“A chirurgeon?” A response to whatever I hadn’t heard, I assumed. “Won’t be of any help. Not with this. You’re the best option we have.”

I blinked and I was in Malkar’s workroom in the Warrens, standing in front of Malkar. He smiled at me. “Welcome home, darling,” he said. “Come here.”

I took one unwilling step forward, and then another. I could no more disobey than stop breathing. The latter would be easier.

(No, he’s dead, I destroyed him in the Bastion–)

“Did you really think that you could be rid of me?” Malkar asked. “You? An upjumped whore from Pharoahlight?” He advanced toward me. “I made you. You think that you could unmake me?”

I couldn’t speak. Not a word

He struck me across the face, his rings biting into my cheek. “Get on your knees,” he said. “Remind me what you’re good for.”

Someone, somewhere, was pleading. Please, please, don’t hurt me.

“Mildmay. Mildmay. He’s trying to help.

Mildmay. My brother. Malkar vanished and I was looking at Gideon. I hurt like someone had beaten me - Keeper? Lorenzo? Malkar? No, that wasn’t right. The past was bleeding into the present. There were theories about that, about time existing all at once, not in a line or a circle but simultaneously, movement through it nothing but an illusion.

“Gideon?” I said. Perhaps I hadn’t driven him away yet (or perhaps I was always was, continuously, even as I was always making love to him, even as he was always coaxing me off the Linlowing Bridge). “Is that you?”

A hesitation. Then: :Yes.:

“Oh,” I said breathlessly. “Oh, good.” I closed my eyes again.

:Felix,: Gideon said, but he didn’t go on. And besides, I was losing my grip again. I was in St. Crellifer’s, ghosts all around me, and they were talking to me but I couldn’t understand what they were trying to say.

I wondered what would happen to Mildmay if I died. I hoped he would be all right.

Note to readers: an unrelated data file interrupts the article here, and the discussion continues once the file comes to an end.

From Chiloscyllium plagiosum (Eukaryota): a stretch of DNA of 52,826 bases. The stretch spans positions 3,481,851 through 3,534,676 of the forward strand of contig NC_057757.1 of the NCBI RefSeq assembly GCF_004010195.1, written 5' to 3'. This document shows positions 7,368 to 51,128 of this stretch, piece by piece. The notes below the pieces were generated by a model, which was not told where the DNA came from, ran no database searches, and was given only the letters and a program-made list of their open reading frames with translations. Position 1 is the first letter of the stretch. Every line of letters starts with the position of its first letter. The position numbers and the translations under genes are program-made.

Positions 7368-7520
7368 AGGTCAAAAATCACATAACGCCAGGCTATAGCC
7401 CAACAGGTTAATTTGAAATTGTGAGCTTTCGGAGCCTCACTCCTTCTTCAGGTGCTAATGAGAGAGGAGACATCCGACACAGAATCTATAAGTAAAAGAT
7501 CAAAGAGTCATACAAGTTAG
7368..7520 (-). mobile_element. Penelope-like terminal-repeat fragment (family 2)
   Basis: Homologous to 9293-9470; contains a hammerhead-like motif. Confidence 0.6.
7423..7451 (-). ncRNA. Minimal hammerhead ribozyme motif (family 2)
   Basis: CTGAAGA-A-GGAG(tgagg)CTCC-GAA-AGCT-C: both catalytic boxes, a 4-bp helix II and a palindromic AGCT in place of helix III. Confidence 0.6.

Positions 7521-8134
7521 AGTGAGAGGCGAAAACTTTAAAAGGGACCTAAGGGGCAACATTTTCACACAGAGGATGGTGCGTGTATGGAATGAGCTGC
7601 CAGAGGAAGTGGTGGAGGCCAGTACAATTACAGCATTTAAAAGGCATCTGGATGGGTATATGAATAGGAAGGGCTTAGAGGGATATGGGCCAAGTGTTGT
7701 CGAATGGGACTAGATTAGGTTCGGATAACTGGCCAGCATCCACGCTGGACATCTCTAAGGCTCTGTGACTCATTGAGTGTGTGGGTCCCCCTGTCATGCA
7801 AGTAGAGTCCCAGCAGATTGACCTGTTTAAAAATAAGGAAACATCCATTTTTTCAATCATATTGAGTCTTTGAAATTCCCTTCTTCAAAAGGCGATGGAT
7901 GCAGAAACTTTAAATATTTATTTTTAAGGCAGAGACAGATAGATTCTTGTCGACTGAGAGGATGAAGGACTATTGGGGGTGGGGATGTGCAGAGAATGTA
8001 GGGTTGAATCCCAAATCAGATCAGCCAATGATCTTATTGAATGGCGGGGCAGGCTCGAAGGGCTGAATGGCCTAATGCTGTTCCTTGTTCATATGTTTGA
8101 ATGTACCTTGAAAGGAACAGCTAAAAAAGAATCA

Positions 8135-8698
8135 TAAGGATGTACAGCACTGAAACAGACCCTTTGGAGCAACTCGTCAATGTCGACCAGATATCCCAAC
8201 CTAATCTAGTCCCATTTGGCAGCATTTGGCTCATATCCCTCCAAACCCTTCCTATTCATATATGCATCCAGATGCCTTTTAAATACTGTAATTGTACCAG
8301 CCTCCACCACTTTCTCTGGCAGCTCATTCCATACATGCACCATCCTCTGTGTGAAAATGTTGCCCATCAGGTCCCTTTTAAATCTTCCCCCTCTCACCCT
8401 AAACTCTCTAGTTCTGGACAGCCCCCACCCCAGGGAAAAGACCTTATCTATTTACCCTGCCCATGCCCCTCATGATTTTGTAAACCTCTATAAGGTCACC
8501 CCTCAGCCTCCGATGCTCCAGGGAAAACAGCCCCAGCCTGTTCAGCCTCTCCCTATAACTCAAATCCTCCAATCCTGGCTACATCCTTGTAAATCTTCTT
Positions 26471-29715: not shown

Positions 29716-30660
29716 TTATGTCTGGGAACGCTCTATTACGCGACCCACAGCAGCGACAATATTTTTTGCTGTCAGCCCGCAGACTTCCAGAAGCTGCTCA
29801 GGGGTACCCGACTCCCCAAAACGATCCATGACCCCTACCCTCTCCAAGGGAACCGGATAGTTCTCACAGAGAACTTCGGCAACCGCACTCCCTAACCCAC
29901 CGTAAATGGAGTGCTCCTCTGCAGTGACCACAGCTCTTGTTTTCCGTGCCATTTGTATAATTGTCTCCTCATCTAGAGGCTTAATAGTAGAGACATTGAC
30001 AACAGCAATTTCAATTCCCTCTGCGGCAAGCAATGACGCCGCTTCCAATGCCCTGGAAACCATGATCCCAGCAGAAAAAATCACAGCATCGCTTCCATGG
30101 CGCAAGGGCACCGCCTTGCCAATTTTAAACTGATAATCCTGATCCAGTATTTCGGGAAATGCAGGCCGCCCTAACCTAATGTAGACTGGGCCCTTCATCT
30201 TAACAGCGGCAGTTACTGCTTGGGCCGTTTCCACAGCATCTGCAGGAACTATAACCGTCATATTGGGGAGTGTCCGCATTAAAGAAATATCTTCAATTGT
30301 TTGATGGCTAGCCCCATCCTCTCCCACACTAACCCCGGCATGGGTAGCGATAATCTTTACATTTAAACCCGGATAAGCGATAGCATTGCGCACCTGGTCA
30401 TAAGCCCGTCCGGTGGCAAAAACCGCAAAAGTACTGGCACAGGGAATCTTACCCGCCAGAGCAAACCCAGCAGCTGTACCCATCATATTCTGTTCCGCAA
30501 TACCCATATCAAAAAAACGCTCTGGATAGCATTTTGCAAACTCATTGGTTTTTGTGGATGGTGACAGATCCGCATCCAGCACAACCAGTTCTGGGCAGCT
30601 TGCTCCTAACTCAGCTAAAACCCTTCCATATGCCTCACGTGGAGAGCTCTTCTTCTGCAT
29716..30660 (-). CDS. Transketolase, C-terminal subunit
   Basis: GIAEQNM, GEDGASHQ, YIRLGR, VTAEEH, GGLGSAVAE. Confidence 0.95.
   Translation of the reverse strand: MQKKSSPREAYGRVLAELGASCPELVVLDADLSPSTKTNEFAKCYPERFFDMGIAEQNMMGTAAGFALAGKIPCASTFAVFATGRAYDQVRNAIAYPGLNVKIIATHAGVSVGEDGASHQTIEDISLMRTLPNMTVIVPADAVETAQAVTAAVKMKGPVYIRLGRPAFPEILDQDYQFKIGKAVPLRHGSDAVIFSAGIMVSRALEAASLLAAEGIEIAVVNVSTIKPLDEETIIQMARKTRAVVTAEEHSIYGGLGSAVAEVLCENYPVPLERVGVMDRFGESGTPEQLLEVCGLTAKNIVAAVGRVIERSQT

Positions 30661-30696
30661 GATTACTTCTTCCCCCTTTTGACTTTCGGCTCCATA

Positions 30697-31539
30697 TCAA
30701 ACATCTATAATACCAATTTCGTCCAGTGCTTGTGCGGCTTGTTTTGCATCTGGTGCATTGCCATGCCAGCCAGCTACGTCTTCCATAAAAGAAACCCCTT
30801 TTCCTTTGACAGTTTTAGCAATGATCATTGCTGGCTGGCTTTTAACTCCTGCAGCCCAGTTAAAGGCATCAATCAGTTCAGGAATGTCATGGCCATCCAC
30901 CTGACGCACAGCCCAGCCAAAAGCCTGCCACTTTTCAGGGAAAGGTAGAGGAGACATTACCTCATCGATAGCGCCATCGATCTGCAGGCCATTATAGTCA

My mind spun through dreams within dreams. What was truth and what fiction I could not have said; I heard voices but could not place names to them. I wandered under the Mirador in a maze - no, a labyrinth, and knew something was waiting for me at the center. I kissed Malkar in the Bastion and he burned; I kissed him and let him take me once again.

“It’s okay,” someone said, but I could hear in their voice that they were lying. Every corner of my body ached.

“No,” someone said harshly. “You can’t come in.”

“But I–”

A door closed very loudly, and I flinched.

“You think it was him?”

“Almost certainly. Though of course there’s no proof. Yet.”

I wanted to say something, to ask who they were talking about, what they were talking about, but the words got lost somewhere between my mind and my mouth.

“How much longer?” Asked the voice I thought might be my brother’s. “How much time–”

No answer. I was lying on my stomach with shackles on my wrists and ankles and the water was rising. Someone, somewhere, was crying. It might have been a ghost. It might have been me.


I opened my eyes and had to close them again quickly, the light searing into them. I made a small noise and raised one of my hands to cover them, taking shelter in the dark. Everything was blurry and soft, almost as though I’d taken phoenix, but I was fairly certain I had not. I hoped I had not.

I groped after memory, trying to think of what had happened. I remembered fainting - powers and saints, how humiliating. Mildmay dragging me back to the rooms. Then...vague and confused, and unpleasant enough that I thought perhaps I didn’t want to recall.

:Are you awake?:

My eyes snapped back open, though I didn’t remove my hand. “Gideon?” I said. My voice sounded small and rough, but at least my vowels came out right. I caught a brief memory of his being there at some point.

:That is my name.: He didn’t sound pleased. I was glad, suddenly, that I couldn’t see his face. What had Mildmay been thinking to call him here? It must have been Mildmay. I could not think of anyone else who would have.